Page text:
Carrie Battan is a staff writer at the New Yorker and has contributed to GQ, Elle, the New York Times, New York Magazine, and more. Her work was featured in the most recent edition of The Best American Travel Writing. She lives in New York.
Hi Carrie! We’re delighted to have you as a guest on Famous Writing Routines. For our readers who may not be familiar with your work, could you please give us a brief introduction to yourself?
Sure! I’m a staff writer at the New Yorker, and I also freelance for places like GQ and Elle. I write criticism and reported features, mostly about culture.
Can you tell us about your writing routine and how you manage to balance your work as a staff writer at The New Yorker and contributing to other magazines?
I believe that you have to treat writing like a job and just show up to your desk every day, punch your time card and write. Writing should become habitual enough that it doesn’t feel like this demon lurking behind your computer screen.
Unfortunately, though, I haven’t figured out how to apply this to my own life. My routine is pretty much nonexistent. There’s not much balance, either. I tend to prioritise my work for the New Yorker because I have a contract with the magazine to fulfil and I have very strong working relationships with my colleagues there.
Outside of that, I pitch or accept assignments with other publications depending on what I’m interested in, what my New Yorker contract allows me to do, and how much money I feel that I need any given month. Then, I wait for my deadline to close in on me and begin furiously working. I am extremely motivated by deadlines, though, and I try to be timely in filing my work most of the time. The only thing worse than writing is writing while also being chased by an impatient editor.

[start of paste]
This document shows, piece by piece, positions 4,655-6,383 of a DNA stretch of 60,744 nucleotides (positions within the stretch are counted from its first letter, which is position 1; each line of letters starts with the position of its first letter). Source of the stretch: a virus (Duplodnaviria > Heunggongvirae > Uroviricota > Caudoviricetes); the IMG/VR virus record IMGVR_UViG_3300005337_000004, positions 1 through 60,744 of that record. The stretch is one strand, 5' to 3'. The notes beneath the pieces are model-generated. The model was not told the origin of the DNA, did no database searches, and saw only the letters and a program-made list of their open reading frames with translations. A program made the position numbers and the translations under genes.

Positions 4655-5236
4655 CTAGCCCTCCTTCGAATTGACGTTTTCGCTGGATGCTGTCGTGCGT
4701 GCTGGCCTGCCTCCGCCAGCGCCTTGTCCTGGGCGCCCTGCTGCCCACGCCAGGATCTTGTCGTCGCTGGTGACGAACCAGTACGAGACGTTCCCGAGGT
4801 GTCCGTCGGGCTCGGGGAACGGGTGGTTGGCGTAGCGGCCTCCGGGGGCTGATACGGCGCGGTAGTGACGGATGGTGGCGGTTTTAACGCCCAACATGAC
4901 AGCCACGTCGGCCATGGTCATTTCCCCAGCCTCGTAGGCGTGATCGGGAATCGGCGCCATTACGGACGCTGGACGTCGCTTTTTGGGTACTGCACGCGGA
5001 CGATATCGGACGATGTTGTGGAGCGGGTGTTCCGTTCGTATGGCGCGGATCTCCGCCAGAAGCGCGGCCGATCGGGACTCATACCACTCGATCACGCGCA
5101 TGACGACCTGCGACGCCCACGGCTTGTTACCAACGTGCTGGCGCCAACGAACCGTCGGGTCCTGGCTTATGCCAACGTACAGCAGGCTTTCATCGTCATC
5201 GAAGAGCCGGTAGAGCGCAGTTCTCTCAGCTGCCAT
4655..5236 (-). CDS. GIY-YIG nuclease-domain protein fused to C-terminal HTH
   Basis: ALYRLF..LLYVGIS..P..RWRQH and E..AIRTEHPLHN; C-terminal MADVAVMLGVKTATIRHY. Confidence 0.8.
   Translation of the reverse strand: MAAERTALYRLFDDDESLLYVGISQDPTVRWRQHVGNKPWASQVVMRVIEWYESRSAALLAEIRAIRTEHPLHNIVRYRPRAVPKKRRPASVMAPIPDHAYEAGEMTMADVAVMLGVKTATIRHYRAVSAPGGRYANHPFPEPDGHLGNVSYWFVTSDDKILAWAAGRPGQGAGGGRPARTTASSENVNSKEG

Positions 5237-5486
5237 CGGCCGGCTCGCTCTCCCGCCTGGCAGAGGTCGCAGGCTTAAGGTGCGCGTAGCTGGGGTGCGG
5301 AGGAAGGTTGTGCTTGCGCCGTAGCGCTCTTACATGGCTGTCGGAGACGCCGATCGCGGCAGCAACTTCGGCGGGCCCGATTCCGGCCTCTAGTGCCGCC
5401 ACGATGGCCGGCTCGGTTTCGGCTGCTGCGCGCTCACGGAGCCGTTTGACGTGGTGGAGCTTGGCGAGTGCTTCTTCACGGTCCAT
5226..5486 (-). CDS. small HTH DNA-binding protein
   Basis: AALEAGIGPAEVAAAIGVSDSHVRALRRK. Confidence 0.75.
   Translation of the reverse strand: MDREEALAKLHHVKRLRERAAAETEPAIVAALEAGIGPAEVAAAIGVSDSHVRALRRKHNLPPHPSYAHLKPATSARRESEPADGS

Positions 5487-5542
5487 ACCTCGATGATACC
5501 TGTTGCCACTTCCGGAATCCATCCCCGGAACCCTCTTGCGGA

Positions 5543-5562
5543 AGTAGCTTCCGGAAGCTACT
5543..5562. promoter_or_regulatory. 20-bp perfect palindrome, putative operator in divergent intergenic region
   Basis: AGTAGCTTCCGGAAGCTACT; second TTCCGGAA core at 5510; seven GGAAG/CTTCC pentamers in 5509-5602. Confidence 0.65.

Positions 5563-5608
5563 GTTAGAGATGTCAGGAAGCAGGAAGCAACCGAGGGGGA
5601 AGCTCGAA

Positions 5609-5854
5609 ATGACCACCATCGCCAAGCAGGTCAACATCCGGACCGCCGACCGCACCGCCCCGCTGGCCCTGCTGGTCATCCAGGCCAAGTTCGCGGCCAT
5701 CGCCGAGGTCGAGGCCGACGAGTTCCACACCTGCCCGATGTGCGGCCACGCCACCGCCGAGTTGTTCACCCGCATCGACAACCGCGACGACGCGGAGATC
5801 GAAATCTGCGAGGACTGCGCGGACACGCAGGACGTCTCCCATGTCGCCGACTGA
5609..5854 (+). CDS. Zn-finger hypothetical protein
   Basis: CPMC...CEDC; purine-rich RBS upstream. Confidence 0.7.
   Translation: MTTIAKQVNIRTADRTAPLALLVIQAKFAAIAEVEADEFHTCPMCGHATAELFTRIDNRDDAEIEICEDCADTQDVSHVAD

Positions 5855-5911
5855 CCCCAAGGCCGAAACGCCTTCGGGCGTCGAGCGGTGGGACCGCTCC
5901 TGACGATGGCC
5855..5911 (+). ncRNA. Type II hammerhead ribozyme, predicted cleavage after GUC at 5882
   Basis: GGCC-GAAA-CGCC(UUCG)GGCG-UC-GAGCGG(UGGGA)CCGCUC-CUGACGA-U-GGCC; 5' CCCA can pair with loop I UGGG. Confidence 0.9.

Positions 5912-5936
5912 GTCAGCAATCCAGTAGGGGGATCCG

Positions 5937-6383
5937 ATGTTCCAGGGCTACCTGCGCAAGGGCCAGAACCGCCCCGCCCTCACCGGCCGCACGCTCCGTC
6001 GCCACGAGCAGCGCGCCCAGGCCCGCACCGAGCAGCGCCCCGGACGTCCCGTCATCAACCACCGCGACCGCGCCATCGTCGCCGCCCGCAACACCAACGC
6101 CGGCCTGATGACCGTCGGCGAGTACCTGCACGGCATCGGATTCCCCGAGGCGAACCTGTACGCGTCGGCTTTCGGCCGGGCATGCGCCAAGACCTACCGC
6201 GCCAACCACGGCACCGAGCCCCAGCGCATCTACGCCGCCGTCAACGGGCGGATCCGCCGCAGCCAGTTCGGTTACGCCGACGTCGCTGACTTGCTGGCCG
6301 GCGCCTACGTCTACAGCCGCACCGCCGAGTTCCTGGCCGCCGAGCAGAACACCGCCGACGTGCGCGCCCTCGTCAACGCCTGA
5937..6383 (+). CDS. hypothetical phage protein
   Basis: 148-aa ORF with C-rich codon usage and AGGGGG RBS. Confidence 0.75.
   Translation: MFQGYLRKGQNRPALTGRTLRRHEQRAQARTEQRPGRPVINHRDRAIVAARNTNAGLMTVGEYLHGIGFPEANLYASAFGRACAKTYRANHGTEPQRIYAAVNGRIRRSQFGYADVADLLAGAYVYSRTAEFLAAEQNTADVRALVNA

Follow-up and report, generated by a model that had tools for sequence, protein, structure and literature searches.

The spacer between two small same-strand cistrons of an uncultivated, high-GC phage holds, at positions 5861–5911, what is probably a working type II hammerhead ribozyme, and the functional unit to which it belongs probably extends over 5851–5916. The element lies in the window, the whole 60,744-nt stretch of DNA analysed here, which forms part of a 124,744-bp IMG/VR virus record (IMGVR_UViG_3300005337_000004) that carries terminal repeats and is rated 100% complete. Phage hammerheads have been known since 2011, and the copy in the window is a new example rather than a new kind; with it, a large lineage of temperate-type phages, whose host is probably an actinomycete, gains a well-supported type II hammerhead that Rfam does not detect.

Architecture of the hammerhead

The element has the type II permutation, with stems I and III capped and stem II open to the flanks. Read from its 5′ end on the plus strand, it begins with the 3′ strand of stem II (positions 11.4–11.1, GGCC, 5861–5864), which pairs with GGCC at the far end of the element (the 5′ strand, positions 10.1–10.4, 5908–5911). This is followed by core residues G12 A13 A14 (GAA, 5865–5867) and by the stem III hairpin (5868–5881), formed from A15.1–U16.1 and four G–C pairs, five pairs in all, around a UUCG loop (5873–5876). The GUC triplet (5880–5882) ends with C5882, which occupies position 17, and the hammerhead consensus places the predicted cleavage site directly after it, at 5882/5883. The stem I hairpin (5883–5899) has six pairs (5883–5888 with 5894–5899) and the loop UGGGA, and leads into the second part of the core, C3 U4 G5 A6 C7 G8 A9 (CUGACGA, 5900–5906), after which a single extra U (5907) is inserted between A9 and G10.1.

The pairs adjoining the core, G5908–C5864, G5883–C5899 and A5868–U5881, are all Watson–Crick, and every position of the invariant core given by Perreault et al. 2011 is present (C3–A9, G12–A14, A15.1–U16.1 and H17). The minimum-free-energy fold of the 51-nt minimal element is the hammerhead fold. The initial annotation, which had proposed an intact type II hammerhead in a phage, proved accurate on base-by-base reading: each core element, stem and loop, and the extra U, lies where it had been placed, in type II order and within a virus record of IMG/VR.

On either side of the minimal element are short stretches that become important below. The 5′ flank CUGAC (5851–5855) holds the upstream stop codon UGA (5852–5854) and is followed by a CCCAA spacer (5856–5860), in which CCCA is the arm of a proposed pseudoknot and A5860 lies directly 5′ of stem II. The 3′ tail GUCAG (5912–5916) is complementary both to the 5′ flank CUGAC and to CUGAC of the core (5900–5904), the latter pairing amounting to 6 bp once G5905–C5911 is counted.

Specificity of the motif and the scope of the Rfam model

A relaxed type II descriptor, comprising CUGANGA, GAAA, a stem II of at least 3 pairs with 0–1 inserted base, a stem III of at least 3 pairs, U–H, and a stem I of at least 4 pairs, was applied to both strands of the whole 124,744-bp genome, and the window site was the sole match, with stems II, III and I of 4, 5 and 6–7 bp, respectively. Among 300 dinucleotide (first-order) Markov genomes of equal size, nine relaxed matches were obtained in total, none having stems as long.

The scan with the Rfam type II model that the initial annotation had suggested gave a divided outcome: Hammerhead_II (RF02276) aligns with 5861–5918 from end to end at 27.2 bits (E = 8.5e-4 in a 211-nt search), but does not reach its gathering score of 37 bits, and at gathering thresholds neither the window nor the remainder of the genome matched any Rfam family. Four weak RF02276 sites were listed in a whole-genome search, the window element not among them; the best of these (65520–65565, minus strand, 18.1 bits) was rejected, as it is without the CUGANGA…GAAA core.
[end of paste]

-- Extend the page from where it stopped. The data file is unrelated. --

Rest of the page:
Your writing has been featured in The New Yorker, GQ, and Elle among other publications, how do you adapt your writing style to different audiences and publications?
I find this more and more difficult as the years pass. The New Yorker’s style is pretty gentle—you can’t come out and make a point too loudly. That comes naturally to me these days and I like it. When it comes time to write a glossy monthly magazine piece, though, I have a hard time punching something up and making it voicey.
I really love that swaggering, big-personality magazine voice, but it’s tough for me to find sometimes because I’m a self-conscious person. The best way for me to get in the mode of a different magazine is to revisit some of my favourite old stories they’ve published.
You have a background in working at Google, how has that experience influenced your writing and perspective?
I loved having a day job while also being a freelance writer. The work itself was completely different from journalism, which was great because I got to exercise my brain in different ways. It also allowed me a form of financial freedom that relieved the pressure from writing. And having a full-time day job really puts your desires to the test—if you want to write, you have to make the time for it.
The arrangement gave me a gut check that affirmed my interest in writing. And I’ve never been so self-disciplined as when I was balancing writing with a full-time job. Hmm… any tech companies out there hiring? Just kidding! Sort of.
How do you approach the research and reporting process for your articles?